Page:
This can be a little bit iffy. The frequency response of your subwoofer has EVERYTHING to do with the enclosure and the car that they are in. You need to know how they arrived at their number, or it doesn’t mean much. Is it an in-car number or an anechoic chamber? (An anechoic chamber is a specially designed room that eliminates all sound reflections so that the measured response you get is one that does not include room interactions, which have a drastic effect on the sound, especially at low frequencies.) Overall, the published low frequency limit of a sub doesn’t mean a thing unless you know a lot about how that number was arrived at. It’s much more useful to see published frequency response graphs of the sub in various enclosures. The upper limit of a sub’s frequency response, however, can be useful if the number is a truthful number. The trend for subwoofers lately is for massive subs with huge power handling and huge excursion, and to achieve these goals, especially in small enclosures, you need a pretty heavy cone and a very robust voice coil for huge power handling. The result is a huge amount of moving mass and a voice coil with a very high inductance (after all, a voice coil is nothing more than a big inductor). The combination of these elements can have a severe limit on a subwoofer’s high frequency capabilities. Since a subwoofer is generally only called upon to reproduce frequencies below 60-100 hz (typically) you may think that this isn’t a big deal, but some subs, especially cheaper ones, have so much inductance and such heavy cones, that their high frequency rolloff can begin at frequencies as low as 60hz!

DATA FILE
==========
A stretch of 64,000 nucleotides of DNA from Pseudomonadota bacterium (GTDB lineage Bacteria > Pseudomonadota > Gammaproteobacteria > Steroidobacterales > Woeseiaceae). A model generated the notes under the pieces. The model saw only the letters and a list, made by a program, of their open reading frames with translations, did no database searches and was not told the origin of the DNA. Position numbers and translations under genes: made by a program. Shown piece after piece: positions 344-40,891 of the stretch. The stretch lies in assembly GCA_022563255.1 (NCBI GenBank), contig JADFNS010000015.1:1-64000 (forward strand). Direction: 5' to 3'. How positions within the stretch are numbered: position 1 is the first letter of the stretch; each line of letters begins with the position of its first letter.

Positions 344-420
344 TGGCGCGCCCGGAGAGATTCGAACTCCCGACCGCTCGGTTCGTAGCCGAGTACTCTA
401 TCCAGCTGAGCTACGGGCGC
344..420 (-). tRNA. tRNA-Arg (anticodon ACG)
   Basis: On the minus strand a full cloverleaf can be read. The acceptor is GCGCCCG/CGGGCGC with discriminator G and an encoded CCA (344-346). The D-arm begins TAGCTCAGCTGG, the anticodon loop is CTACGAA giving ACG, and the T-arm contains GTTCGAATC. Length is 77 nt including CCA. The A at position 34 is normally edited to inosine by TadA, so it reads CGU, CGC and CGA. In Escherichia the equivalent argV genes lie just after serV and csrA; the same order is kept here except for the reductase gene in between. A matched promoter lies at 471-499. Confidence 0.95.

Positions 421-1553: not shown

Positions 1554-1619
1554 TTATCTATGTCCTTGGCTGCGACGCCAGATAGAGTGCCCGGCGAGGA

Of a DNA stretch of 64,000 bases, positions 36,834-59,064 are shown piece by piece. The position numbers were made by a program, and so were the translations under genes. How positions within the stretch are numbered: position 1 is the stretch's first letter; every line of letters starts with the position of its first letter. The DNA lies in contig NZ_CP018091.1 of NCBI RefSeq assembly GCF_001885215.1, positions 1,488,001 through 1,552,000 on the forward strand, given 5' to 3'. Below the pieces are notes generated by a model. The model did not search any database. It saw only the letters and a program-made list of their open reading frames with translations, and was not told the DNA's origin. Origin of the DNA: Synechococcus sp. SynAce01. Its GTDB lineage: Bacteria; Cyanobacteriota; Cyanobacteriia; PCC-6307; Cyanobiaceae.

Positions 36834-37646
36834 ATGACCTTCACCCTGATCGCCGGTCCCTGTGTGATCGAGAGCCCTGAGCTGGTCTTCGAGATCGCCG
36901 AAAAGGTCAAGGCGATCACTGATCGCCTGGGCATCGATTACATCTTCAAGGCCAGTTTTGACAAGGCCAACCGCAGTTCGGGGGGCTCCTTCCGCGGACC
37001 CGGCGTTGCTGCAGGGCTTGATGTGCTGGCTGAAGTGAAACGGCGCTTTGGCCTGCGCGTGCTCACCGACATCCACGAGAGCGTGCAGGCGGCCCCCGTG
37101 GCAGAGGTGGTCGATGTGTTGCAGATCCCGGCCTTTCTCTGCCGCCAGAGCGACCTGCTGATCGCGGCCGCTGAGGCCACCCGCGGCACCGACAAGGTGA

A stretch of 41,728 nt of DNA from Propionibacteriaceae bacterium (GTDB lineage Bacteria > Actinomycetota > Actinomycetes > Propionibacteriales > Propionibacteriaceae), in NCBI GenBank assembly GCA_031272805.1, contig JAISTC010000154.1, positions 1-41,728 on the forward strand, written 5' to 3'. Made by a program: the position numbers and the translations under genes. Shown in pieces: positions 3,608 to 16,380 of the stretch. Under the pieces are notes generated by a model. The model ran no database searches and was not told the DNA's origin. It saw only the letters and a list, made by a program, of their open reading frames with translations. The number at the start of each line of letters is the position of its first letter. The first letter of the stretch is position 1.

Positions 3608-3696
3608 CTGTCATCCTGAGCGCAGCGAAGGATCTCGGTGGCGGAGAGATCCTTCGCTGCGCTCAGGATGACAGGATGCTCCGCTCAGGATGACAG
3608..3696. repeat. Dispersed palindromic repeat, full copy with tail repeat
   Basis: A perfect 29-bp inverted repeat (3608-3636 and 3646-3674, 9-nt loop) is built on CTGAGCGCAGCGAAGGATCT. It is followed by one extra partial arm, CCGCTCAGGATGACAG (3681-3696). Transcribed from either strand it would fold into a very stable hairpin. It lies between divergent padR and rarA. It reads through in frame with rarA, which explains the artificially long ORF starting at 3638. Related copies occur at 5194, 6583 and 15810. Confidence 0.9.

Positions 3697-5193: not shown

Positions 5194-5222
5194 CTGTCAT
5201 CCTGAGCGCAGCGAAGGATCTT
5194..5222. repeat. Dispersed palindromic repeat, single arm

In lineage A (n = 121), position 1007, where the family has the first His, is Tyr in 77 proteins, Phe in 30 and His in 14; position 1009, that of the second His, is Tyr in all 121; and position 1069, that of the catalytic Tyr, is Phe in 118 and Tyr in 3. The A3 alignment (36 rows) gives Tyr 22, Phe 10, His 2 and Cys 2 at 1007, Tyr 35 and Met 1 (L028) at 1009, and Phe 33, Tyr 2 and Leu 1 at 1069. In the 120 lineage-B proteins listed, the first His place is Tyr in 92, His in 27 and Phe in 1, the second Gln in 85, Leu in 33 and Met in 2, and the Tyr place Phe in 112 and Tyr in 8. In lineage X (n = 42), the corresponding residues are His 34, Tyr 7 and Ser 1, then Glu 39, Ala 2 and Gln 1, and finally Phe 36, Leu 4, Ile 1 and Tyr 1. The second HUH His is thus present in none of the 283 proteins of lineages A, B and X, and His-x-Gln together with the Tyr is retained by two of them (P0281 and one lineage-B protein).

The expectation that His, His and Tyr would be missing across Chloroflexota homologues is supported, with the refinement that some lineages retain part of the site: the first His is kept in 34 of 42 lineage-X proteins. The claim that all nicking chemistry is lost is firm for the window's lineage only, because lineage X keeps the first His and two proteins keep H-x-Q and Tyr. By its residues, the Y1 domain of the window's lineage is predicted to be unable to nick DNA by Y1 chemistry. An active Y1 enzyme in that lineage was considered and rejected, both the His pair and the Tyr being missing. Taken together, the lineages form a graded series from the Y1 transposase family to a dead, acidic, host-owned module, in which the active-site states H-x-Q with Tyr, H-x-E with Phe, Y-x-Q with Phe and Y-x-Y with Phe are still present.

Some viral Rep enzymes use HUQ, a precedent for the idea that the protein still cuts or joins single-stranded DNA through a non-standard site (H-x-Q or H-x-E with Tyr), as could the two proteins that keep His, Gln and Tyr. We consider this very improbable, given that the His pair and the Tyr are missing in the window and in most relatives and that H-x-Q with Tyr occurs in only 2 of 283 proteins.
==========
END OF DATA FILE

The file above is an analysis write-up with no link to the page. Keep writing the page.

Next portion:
The impedance of a subwoofer is a fairly complex thing, but fortunately, it’s not something that you really need to concern yourself with, other than being aware of what the speaker’s impedance is, and what happens when you wire multiple speakers together. Basically, what an impedance is, is a measurement of how much resistance there is to the electrical flow. The lower the impedance is, the harder your amp has to work, but the more power it can make. Use too low of an impedance and your amp will go up in smoke or go into a protection shutdown mode. Use too high of an impedance, and you won’t be able to get as much power out of the amplifier as it’s designed for. If your amp is rated for 100 watts when driving a 4 ohm impedance, its [i]theoretical[/i] output when driving a 2 ohm load would be 200 watts, IF it can safely handle that. Likewise, if you use the same amp to drive an 8 ohm load, you’re only going to get about 50 watts out of it.